Be Still and Know I am God

“Be still and know that I am God,” says Psalm 46:10.

When the sons of Korah, the equivalent of Jewish priestly rock stars, wrote this Psalm inspired by the Holy Spirit, I would have imagined their situation differently… 

In my mind’s eye these songwriters are reclining at a table in 70 degree weather in golden grass under a majestic oak tree, and someone is feeding them cold refreshing grapes one by one.  The quietness of the golden sunset behind them causes them to take abnormally long pauses in their conversation, wisely reflecting on the serene beauty around them, God’s rich material blessings and perfect relationships with those around the table.  

Reading the whole of the chapter and simply observing the context for this verse invades the daydream of perfection and brings revelation to my idealistic heart.  Here are the first three verses of the chapter:

Psalm 46:1-3 (NIV)
1  God is our refuge and strength, an ever-present help in trouble.
2  Therefore we will not fear, though the earth give way and the mountains fall into the heart of the sea,
3  though its waters roar and foam and the mountains quake with their surging. Selah

The first few verses of this passage are trying to bring reassurance to a stirred up set of circumstances even if there are earthquakes and tsunamis.  The word “Selah” at the end of these few verses is an invitation to pause and reflect on the truth here.  The context here is a troubled world beyond our control that could lead to fear, but His presence is in the midst of even natural disasters.

The next verses paint the picture further:

Psalm 46:4-7 (NIV)
4  There is a river whose streams make glad the city of God, the holy place where the Most High dwells.
5  God is within her, she will not fall; God will help her at break of day.
6  Nations are in uproar, kingdoms fall; he lifts his voice, the earth melts.
7  The LORD Almighty is with us; the God of Jacob is our fortress. Selah

Here we see evidence of the political landscape of the day.  This was written during the reign of King Jehoshaphat, who started out really well.  He was destroying all of the false Gods (called baals) and places of worship and sending teachers throughout the land to teach God’s word to the people.  He was succeeding in getting tribute from other nations to keep peace and everything was going well.  Then he tried to make an Alliance with Ahab, the wicked king from the Northern Kingdom.  He was the husband of a wicked lady you may have heard of, named Jezebel.  When Jehoshaphat aligned himself with leaders who hated God and wanted to see the baals worshipped instead, things went sideways politically and from a military standpoint.  Nations were indeed in an uproar and there was no peace.  This is similar to the day we are living in – with tensions around the world seemingly escalating.  In the midst of this geopolitical stress and pressure we are reminded that our God is so powerful that His voice alone is enough the melt the earth.  God’s presence is promised as our safe place, our fortress.  Then the psalm invites us to stop and consider these truths.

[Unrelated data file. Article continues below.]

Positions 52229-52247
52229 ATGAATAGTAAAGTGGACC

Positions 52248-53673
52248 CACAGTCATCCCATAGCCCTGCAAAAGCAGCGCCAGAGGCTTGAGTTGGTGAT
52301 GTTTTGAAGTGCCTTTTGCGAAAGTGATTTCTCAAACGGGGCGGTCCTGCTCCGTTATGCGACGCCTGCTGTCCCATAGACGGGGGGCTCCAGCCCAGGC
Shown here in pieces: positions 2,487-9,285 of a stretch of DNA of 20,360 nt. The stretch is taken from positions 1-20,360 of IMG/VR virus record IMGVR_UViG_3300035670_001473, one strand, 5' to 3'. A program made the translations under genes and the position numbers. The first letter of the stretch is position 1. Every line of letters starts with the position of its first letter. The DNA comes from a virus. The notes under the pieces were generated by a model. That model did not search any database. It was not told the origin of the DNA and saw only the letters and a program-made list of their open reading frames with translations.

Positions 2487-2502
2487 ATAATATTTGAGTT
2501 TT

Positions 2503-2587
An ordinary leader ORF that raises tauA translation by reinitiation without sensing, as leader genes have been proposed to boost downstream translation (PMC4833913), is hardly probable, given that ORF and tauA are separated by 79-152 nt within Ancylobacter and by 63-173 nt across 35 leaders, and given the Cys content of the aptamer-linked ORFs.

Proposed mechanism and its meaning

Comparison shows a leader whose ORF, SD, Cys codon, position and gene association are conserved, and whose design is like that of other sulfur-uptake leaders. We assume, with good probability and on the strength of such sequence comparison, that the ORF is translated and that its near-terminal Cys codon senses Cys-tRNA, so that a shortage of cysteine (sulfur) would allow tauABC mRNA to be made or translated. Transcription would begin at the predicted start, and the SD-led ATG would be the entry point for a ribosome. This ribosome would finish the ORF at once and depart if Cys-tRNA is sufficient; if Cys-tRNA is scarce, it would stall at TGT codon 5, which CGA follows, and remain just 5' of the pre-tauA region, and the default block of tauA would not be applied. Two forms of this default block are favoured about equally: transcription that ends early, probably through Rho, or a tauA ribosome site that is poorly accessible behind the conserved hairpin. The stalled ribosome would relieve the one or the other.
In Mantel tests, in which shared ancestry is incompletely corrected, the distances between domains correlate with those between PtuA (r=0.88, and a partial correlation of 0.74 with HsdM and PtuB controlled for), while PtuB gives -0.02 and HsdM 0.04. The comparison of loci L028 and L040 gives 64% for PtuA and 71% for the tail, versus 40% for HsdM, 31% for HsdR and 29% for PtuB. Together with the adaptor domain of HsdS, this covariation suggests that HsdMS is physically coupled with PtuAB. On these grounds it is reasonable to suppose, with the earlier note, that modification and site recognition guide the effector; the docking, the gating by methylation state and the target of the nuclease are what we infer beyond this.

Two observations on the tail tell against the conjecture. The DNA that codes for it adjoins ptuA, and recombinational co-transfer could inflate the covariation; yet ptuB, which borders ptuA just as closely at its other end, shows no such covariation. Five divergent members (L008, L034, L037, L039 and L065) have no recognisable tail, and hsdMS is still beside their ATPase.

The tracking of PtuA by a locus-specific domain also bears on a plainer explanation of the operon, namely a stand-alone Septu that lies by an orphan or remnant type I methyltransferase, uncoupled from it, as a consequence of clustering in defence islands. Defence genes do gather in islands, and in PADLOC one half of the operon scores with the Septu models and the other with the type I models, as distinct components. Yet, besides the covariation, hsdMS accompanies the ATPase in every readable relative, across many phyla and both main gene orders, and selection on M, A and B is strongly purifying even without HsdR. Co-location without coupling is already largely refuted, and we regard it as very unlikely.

So we have seen that natural disasters and geopolitical unrest are no match for the peace and strength God has for us.  Then the passage concludes this way: 

Psalm 46:8-11 (NIV)
8  Come and see the works of the LORD, the desolations he has brought on the earth.
9  He makes wars cease to the ends of the earth; he breaks the bow and shatters the spear, he burns the shields with fire.
10  "Be still, and know that I am God; I will be exalted among the nations, I will be exalted in the earth."
11  The LORD Almighty is with us; the God of Jacob is our fortress. Selah

God is a warrior (Ex. 15:3) and He can bring destruction when necessary.  Although Jehoshaphat is a flawed leader (like me), he sees the deliverance of the Lord when he sends out the choir instead of the soldiers into battle, and the Lord himself causes the enemy to start fighting one another (2 Chronicles 20).  While God is able to defeat his enemies, He is also the one who brings peace.  Jesus, the Messiah is prophesied to be the prince of peace. 

It is in this context, a really messed up world, that God tells us to quiet our hearts and know that He is God--a God who eventually will be exalted among the nations of the earth.  Even though the nations of the this earth aren’t bowing before Jesus yet (Isaiah 45:23 & Phil. 2:10), we must be reminded of the great power and peace that God has promised to us in the gift of His presence. 

Today, pause and reflect (Selah).  

In the midst of the storms, the conflict, and the stress, invite the presence of the living God to be seen and felt in your life.   Then begin to rest in the good gifts He gives in a place of peace, strength and security.